Problem with internal cabling to hub gears

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Brucey
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Joined: 4 Jan 2012, 6:25pm

Re: Problem with internal cabling to hub gears

Postby Brucey » 7 Apr 2018, 12:52pm

you can use a standard metal ferrule (on any housing) in a nexus cassette joint provided

a) it is the right size,
b) it is strong enough (some are very thin walled) and
c) it is bonded (or crimped) to the housing end

cheers
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~~~~~~~~~~~~~~~~~~~~~~Brucey~~~~~~~~~~~~~~~~~~~~~~~~

vandjq
Posts: 66
Joined: 16 May 2007, 11:30am

Re: Problem with internal cabling to hub gears

Postby vandjq » 7 Apr 2018, 12:53pm

Thanks Brucey :)

Brucey
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Re: Problem with internal cabling to hub gears

Postby Brucey » 7 Apr 2018, 1:13pm

in general terms an issue with most hub gears is that the adjustment needs to be better than it seems. By which I mean that you can test the gears all work on the workstand and it means almost nothing; in Nexus hubs it just means the correct pawl is lifted, but it doesn't tell you if it is lifted all the way. If it is not lifted all the way then the gear will slip under load.

In an N8 hub you can only check the adjustment is 'correct' in one gear. There are certain faults that mean that it looks OK in that gear but it isn't OK in other gears.

There is also the possibility that (for various reasons) the marks on the CJ do not coincide with the correct gear adjustment anyway. This is commonplace on older A11 hubs. In A8 and N8 hubs wear or bad manufacturing can mean that there is a systematic fault of some kind which means that either

a) the correct setting is a little bit away from that which the marks suggest or
b) there is a real problem in the axle unit that means that the sliding clutch shift is not properly synchronised with the pawl lifts. In such hubs it is possible to set the hub so that gear 5 is OK but most of the others are not, or vice-versa.

You can often establish a correction for a type a) problem by trial and error. A typical result is that the cable needs to be set 0.5 or 1mm tighter than the timing marks suggest.
When I overhaul such hubs I make sure that I have the axle and the CJ that is to be used on it and I check these things. You can make a new timing mark on the CJ to tell you the correct setting if you have a type a) problem.

However if there is a type b) synchronisation problem then whilst it is possible to reprofile (and therefore retime) the cam that works the sliding clutch, it is easier just to fit a replacement axle unit.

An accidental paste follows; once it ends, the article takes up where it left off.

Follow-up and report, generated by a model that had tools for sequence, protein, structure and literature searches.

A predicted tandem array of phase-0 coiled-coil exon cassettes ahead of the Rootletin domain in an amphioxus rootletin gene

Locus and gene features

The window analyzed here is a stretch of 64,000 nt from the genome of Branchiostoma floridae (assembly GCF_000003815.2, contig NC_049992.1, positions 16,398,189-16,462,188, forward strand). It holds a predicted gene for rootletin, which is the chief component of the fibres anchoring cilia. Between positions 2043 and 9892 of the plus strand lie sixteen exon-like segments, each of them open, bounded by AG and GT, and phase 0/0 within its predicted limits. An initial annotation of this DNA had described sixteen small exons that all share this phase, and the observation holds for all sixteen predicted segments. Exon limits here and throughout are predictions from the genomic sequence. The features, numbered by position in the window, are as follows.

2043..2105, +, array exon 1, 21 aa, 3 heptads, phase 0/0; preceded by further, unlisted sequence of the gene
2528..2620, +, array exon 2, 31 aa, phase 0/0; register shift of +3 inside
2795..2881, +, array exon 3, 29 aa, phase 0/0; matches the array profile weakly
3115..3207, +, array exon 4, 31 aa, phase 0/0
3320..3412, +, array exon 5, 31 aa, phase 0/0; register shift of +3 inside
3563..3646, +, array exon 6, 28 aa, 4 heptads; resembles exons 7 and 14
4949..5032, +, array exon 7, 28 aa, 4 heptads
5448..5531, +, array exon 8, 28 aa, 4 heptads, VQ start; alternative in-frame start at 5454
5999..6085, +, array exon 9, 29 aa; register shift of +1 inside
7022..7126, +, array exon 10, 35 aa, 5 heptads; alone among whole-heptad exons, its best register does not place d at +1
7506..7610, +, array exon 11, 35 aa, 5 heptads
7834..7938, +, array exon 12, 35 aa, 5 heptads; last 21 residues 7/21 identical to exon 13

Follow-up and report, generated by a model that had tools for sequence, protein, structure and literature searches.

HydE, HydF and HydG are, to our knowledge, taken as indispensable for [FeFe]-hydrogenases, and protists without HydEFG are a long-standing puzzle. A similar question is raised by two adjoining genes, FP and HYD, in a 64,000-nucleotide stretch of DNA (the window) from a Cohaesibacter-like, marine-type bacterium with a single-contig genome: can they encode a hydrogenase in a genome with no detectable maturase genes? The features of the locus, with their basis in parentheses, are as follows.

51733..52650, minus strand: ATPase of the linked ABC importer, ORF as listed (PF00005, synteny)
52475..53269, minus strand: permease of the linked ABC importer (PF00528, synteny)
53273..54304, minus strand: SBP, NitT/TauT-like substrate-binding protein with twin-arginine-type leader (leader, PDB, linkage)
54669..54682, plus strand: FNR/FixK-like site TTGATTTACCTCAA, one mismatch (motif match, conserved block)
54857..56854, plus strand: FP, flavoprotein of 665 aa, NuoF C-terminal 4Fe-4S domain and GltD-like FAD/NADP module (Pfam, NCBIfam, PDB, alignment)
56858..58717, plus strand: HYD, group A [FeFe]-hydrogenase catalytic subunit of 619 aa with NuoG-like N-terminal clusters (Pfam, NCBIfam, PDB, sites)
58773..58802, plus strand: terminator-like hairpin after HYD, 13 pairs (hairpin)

John S reports that upshifting to the timing marks produces a visibly different result than downshifting to the timing marks. Any hub that manifests this sort of behaviour cannot work properly and nine times out of ten (or more) the fault lies in the cable.

Roadster asked me to explain what I meant about the housing routing and how it can interfere with the position of the CJ reaction arm. I can't find better words than I used first time around to describe what I meant. Maybe someone else can have a go...

cheers
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~~~~~~~~~~~~~~~~~~~~~~Brucey~~~~~~~~~~~~~~~~~~~~~~~~

Roadster
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Re: Problem with internal cabling to hub gears

Postby Roadster » 7 Apr 2018, 3:21pm

I have not asked you to explain how cable routing can interfere with the position of the CJ reaction arm - I didn't need to, because I already understood that from my own experience without your help. I actually asked you to explain what you meant by a cable stop being "in the wrong place", and it's unreasonable to expect someone else to do that for you.

In my earlier post, I said that moving the position of the axle in the dropouts should not alter the cable adjustment and you replied that in reality it does. You are confusing cable adjustment with cable installation which are two different matters. It's important to understand the difference between them when gear selection problems arise following re-tensioning of a drive chain or belt, because otherwise you can easily end up fiddling with the cable's adjustment when the real cause is disturbance to its installation.
Last edited by Roadster on 7 Apr 2018, 6:16pm, edited 1 time in total.

Brucey
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Re: Problem with internal cabling to hub gears

Postby Brucey » 7 Apr 2018, 5:51pm

a cable that looks fine and works fine can cause trouble once the wheel is moved. A cable stop can be in the wrong place because it can cause the cable housing to either pull or push on the CJ reaction arm and it can often do so differently if the wheel is moved. A full housing will often take 'a set' through every eyelet and will then (after the wheel is moved) try to return to its original position once the bike is ridden or the steering is turned a few times. This can cause the CJ reaction arm to start moving around. I have seen all these things several times.
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Roadster
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Re: Problem with internal cabling to hub gears

Postby Roadster » 8 Apr 2018, 1:35pm

Thank you, but that still has more to do with cable installation than with cable adjustment, and I'm still left wondering why you couldn't just say that in the first place instead of willfully misrepresenting my question. Perhaps you'd also care to enlighten us as to why you sarcastically invited others to explain, on your behalf, the answer to a question which I hadn't actually asked of you.